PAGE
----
I talk about this in my camps all the time. I talk about how easy it is for men to have direct confrontation. Why? Because we understand hierarchy. We understand the fight to be the alpha. We’re accustomed to competing. If there’s a man shooting hoops on a basketball court and another man shows up, within minutes one guy turns to the other and says, “Hey, do you want to play?” I know what that means. It means let’s find out who the alpha is. Girls don’t do that.

Girls play turn-taking games like HORSE where first, I shoot and you don’t interfere with me, and then you shoot and I don’t interfere with you. Girls don’t have any trouble with that because all of the games they grew up playing were non-confrontational games. You go back to my generation. What did my generation of girls play? They played Jacks. Jacks is a game where basically I don’t interfere with you and you don’t interfere with me but we’re still, in a way, competing with each other.

We have to eradicate this dislike for direct confrontation if we want to lead women’s soccer playing culture. Our girls need to embrace 1V1 and not be afraid of it. I made sure that these ideas were part of the national team culture when I coached and now I try to implement them in the Tar Heel culture.

That’s the way the US won the first Women’s World Cup. We did it by being fitter than everyone else. We did it by playing extraordinary 1V1 soccer and we did it by pressing for 90 minutes. Not the classic modern press where you drop back to a line of confrontation half way between the 18 and the tangent on the center circle. No, no, no. We pressed if the ball was near their corner flag. We were all over them. We didn’t back off for one second. Those are the elements that delivered that World Championship to us.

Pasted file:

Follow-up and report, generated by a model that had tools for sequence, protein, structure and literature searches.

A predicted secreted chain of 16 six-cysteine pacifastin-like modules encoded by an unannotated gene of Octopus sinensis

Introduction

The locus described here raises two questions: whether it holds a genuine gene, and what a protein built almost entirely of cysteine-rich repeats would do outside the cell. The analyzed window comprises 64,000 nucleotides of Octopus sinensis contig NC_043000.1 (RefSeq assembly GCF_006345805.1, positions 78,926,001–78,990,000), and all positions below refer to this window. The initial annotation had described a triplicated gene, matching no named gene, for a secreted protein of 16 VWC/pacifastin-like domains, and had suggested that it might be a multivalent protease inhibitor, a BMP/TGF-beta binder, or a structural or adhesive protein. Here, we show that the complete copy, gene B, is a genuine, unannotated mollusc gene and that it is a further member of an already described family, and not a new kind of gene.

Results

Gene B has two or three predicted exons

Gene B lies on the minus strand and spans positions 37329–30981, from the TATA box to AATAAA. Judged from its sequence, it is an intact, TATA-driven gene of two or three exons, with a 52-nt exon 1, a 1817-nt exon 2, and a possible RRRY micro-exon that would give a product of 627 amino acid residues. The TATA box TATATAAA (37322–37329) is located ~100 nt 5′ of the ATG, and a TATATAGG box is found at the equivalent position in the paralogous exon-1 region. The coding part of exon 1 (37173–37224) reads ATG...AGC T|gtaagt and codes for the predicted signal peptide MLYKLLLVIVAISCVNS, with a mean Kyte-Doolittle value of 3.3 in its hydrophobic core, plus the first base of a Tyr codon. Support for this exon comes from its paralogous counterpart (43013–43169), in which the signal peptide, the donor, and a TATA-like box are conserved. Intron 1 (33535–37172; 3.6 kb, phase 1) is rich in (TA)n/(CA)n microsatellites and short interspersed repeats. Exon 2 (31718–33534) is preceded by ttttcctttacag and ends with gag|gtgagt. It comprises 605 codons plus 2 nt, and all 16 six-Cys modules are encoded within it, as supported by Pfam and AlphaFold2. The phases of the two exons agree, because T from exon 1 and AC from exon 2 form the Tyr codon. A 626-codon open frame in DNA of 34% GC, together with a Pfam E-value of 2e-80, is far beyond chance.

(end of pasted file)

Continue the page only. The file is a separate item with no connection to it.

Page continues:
Cameron Brink likes Caitlin Clark for 2024 WNBA Rookie of the Year

Cameron Brink poses with Caitlin Clark at 2024 wnba draft in new york
Cameron Brink poses with fellow draftee — and possible WNBA ROY —Caitlin Clark. (Photo by Emily Johnson/NBAE via Getty Images)

Cameron Brink already has her rookie of the year pick for the upcoming WNBA season, and it’s Indiana-bound star Caitlin Clark

In the latest edition of Kelley on the Street, host Kelley O'Hara caught up with Brink in New York hours before the Stanford phenom went No. 2 overall to the Los Angeles Sparks at the 2024 WNBA Draft. When O’Hara asked who would win the WNBA's rookie of the year, she answered without pause.

"Caitlin Clark," she said, while a fan commented that she thought Brink would take home the award. Brink later added that the extra foul granted to WNBA players will be "good for me."

"I hope it’s me," Charisma Osborne, who was later drafted by the Phoenix Mercury, said when asked her ROY prediction. "But, I don’t know — we’ll see."

Watch more of Kelley on the Street:

Dash winger Maria Sanchez confirms trade request a day shy of NWSL deadline

María Sanchez of Houston Dash during a NWSL game
In December, Sanchez signed a new three-year contract with the club worth $1.5 million including bonuses and an option year. (Photo by Marcus Ingram/Getty Images)

Maria Sanchez issued a statement on Thursday, confirming recent reports that she has requested a trade from the Houston Dash.